Here’s a really interesting article in The Atlantic about how Marty Mann promoted the disease concept of addiction in order to get doctors to promote AA.
“Mann’s reply to Armstrong was both fascinating and revealing. She agreed with Armstrong regarding the inefficacy of conventional medicine regarding alcoholism; she also vouchsafed her commitment to AA and its less-than-generous opinion of conventional treatment enterprises. “Not that I, as a dyed-in-the-wool AA,” she wrote to Armstrong in reply, “believe that clinics, or any other medical or psychiatric means can straighten out very many “alkies” (although I know it can in some instances, here and there) but I do believe that the average individual will more readily go into a clinic to find out what to do for what ails them than they will investigate a layman’s organization such as ours [AA]. And also I believe that the very presence of a clinic will emphasize and advertise to the uninitiated that alcoholism is a disease which is to be treated, not hidden or punished.”
And here is a fascinating intellectual history of addiction as disease, Addiction as Accomplishment: The Discursive Construction of Disease by CRAIG REINARMAN —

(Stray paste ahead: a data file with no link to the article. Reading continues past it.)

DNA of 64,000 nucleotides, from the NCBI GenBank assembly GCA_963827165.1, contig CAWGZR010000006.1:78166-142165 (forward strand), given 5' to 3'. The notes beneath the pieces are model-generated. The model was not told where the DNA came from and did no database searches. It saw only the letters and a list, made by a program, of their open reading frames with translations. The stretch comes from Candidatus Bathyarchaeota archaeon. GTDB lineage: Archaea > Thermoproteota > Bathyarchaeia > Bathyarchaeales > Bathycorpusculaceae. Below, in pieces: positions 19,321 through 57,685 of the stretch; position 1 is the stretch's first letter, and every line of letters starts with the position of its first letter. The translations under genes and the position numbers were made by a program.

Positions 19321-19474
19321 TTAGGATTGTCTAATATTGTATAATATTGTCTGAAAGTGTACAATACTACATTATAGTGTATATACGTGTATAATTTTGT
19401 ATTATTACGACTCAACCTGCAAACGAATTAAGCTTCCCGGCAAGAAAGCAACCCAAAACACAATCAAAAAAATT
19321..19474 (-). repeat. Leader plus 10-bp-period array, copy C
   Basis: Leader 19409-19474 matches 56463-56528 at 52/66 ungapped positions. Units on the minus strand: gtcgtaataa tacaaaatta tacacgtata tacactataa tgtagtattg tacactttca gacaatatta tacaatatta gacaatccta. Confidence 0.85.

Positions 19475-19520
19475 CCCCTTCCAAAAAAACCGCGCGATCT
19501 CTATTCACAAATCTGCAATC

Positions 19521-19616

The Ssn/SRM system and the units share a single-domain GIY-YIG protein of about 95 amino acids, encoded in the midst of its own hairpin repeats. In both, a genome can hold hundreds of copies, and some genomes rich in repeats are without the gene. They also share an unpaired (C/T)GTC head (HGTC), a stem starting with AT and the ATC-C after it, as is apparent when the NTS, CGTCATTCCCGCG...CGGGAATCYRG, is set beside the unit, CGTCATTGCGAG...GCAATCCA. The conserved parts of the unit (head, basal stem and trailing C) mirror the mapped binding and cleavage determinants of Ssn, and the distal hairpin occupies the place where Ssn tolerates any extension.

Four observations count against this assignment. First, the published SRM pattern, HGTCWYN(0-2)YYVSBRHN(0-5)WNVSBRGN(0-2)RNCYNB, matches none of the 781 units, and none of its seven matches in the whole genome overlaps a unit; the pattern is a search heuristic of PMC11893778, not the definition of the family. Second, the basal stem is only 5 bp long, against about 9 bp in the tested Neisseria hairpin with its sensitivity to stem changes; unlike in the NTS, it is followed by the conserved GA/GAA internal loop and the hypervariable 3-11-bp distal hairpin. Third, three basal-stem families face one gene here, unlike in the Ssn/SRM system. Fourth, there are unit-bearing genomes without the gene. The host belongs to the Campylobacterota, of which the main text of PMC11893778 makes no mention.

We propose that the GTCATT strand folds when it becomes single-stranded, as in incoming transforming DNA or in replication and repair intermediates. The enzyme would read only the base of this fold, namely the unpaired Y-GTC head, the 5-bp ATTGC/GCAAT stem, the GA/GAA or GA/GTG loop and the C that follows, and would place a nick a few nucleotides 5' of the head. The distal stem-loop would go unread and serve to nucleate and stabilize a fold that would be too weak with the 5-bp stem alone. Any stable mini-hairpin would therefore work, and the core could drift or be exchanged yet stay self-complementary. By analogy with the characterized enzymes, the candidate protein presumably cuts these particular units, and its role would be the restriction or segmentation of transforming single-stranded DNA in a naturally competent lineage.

“In 1942, the Alcoholism Movement was founded by Marty Mann, a public relations executive and former ‘‘drunk’’, and others. By 1944, she joined with Dr. E.M. Jellinek at Yale to create an organization whose purpose was to popularize the disease concept by putting it on a scientific footing. Note the chronology: science was not the source of the concept but a resource for promoting it. This organization later became the National Council on Alcoholism (NCA). Their goal was to create a new ‘‘scientific’’ approach that would allow them to get beyond the old, moralistic ‘‘wet’’ versus ‘‘dry’’ battle lines of the Temperance and Prohibition period (Roizen, 1991). While there were a few scientists doing research on alcohol in the 1930s, the bulk of the scientific research that Mann and her allies hoped would be the basis for their new disease concept had not yet been done. Indeed, they hoped the NCA would generate contributions needed to fund that research. The 1942 ‘‘Manifesto’’ of the Alcoholism Movement clearly stated that they sought to ‘‘inculcate’’ into public opinion the idea that alcoholics were ‘‘sick’’, and therefore ‘‘not responsible’’ for their drinking and its consequences, and were thus deserving of medical treatment (Anderson, 1942; Roizen, 1991; Room & Collins, 1983).”